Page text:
(m) Photoresist (not shown) is again spun on and patterned to define the location of the base contacts 28 and emitter contact 32; this exposes emitter islands 14 and sidewalls 26 in addition to a portion of the base epilayer 16. Ti/Pt/Au metals are evaporated in sequence at thicknesses of, for example, 500, 250 and 1500 Angstroms, respectively, onto the photoresist and exposed areas. The overhanging sidewalls 26 shadow the part of the base epilayer 16 adjacent to emitter 14, so the evaporated metal does not contact emitter 14. The photoresist is then removed which lifts off the metal except the portion 28 which is on the base epilayer 16 and the portion 32 above emitter island 14 and sidewalls 26. The resulting structure is shown in FIG. 3f.
(n) Photoresist (not shown) is then deposited and patterned to define the connection to the subcollector layer 20. Layers 16, and 18 are then etched using a solution of H2 SO4 :H2 O2 :H2 O in the ratio of 1:8:160 (by volume), for example. Afterwards, AuGe/Ni/Au metals are evaporated onto the wafer to thicknesses of, for example, 500/140/2000 Angstroms, respectively, to form the collector contact 30. The photoresist layer is then stripped, which lifts off all excess metallization, and results in the structure shown in FIG. 3g. The remaining metal is then alloyed at 430° C. for 1 minute, for example.
A fourth preferred embodiment is shown in FIG. 4. A heavily doped (i.e. approximately >1×1019 atoms/cm3) InGaAs emitter contact layer 40 is positioned next to a lightly doped (i.e. approximately 5×1018 atoms/cm3) GaAs buffer layer 42 having a thickness of approximately 100 Angstroms. The GaAs buffer 42 is interposed between the emitter contact 40 and the emitter ballast layer 44. An active emitter layer 46 is interposed between the emitter ballast layer 44 and a GaAs base layer 48. The interface between the active emitter 46 and the base layer 48 can be abrupt, or the Al mole fraction can be graded over a distance of approximately 300 Angstroms, as shown with layer 50. The emitter ballast layer 44 is composed of Alx Ga1-x As, where x>0.4, while the active emitter layer 46 is composed of Alx Ga1-x As, where x<0.4. The interface between the emitter ballast layer 44 and the active emitter layer 46 can be abrupt, or the Al mole fraction can be graded between that of the emitter ballast layer 44 and that of the active emitter layer 46.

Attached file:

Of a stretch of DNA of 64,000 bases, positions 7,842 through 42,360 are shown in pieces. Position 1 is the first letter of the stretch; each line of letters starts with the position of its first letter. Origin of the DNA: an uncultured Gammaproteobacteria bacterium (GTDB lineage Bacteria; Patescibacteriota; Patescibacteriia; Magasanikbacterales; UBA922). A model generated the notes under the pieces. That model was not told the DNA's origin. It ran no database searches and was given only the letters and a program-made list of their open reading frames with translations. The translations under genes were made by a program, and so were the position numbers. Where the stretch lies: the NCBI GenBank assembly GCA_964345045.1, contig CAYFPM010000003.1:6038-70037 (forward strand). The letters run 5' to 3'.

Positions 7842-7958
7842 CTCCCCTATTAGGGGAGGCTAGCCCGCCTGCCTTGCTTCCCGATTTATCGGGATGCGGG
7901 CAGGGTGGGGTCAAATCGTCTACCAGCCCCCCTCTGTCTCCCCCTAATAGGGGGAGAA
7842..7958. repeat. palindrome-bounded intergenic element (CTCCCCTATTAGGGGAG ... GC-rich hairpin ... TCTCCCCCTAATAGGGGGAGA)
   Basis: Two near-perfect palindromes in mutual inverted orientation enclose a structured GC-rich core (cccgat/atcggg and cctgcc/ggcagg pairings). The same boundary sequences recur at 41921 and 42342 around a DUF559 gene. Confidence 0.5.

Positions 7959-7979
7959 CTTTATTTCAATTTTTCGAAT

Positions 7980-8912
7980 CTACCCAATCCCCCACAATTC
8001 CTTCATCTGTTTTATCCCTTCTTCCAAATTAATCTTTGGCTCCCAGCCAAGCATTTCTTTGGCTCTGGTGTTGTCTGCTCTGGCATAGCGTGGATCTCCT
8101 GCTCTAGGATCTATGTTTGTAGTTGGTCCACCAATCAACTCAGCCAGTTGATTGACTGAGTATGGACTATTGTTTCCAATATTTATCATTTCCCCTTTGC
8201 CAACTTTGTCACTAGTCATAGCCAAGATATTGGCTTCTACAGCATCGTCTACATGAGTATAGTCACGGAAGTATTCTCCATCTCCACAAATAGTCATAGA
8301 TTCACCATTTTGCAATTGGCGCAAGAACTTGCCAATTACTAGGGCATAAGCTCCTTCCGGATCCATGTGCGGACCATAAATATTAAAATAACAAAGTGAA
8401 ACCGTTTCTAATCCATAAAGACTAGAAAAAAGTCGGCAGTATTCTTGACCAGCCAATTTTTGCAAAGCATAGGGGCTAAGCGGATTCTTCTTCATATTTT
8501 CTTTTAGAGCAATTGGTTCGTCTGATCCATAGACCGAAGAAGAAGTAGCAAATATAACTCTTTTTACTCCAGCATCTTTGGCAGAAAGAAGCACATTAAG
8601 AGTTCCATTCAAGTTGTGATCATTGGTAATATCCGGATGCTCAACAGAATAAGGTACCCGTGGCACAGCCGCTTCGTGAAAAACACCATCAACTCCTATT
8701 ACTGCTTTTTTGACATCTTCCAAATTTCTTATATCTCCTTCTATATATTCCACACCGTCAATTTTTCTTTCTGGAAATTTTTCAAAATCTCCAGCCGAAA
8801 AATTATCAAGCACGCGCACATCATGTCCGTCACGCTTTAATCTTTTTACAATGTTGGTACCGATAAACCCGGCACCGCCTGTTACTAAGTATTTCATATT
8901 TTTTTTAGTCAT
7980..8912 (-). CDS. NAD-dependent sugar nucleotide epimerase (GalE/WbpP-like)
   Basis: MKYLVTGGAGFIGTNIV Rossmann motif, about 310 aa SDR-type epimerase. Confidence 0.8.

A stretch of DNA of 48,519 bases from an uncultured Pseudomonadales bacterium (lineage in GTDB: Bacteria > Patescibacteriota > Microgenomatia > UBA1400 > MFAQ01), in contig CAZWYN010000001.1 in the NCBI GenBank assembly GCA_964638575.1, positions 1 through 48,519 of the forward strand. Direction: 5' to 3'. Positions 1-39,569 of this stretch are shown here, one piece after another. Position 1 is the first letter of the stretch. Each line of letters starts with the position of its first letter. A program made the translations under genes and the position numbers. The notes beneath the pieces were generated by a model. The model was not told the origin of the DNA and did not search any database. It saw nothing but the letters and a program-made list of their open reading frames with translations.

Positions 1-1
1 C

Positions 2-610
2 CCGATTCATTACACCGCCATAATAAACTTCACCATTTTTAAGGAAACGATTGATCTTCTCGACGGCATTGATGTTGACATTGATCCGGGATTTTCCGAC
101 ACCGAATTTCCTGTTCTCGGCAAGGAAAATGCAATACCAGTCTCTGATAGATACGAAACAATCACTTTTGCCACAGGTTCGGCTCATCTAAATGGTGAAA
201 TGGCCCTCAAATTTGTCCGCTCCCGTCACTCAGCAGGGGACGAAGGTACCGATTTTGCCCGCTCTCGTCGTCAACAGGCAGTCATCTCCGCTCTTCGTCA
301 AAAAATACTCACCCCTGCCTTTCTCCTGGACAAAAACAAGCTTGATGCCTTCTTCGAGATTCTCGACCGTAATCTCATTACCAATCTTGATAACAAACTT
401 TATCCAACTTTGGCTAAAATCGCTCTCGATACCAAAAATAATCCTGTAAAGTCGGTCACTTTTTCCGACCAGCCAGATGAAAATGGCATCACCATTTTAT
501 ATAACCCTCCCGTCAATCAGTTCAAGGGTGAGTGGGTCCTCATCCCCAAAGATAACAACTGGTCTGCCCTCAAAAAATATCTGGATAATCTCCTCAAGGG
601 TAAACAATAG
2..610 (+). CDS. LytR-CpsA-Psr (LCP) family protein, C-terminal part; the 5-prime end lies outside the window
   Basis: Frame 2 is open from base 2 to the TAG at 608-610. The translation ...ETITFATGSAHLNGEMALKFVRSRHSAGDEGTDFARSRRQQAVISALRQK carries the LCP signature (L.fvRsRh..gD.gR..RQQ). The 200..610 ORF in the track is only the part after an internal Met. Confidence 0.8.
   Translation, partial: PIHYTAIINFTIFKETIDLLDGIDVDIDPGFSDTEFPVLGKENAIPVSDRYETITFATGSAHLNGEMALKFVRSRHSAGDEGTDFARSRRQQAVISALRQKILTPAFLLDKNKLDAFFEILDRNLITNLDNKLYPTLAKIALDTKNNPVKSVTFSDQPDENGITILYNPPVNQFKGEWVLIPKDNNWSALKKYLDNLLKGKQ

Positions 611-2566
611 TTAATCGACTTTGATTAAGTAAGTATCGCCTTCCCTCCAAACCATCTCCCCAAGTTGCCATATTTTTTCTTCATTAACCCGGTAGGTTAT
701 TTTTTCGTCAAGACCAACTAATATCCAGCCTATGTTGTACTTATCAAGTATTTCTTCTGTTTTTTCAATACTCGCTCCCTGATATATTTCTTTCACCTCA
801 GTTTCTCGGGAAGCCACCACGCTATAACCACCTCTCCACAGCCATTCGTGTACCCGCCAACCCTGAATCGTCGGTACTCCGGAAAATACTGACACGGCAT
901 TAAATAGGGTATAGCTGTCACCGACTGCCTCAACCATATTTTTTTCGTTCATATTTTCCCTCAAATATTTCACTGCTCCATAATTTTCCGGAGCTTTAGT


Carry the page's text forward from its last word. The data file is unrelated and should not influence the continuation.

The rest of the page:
A few preferred embodiments have been described in detail hereinabove. It is to be understood that the scope of the invention also comprehends embodiments different from those described, yet within the scope of the claims.
Internal and external connections can be ohmic, capacitive, direct or indirect, via intervening circuits or otherwise. Implementation is contemplated in discrete components or fully integrated circuits in silicon, gallium arsenide, or other electronic materials families, as well as in optical-based or other technology-based forms and embodiments.
While this invention has been described with reference to illustrative embodiments, this description is not intended to be construed in a limiting sense. Various modifications and combinations of the illustrative embodiments, as well as other embodiments of the invention, will be apparent to persons skilled in the art upon reference to the description. It is therefore intended that the appended claims encompass any such modifications or embodiments.
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|U.S. Classification||438/312, 438/314, 438/936, 148/DIG.72, 257/E21.387, 257/E29.033, 438/319, 438/317|
|International Classification||H01L29/737, H01L29/73, H01L29/205, H01L21/331, H01L29/08|
|Cooperative Classification||Y10S148/072, Y10S438/936, H01L29/0817, H01L29/66318|
|European Classification||H01L29/66M6T2V2, H01L29/08B7|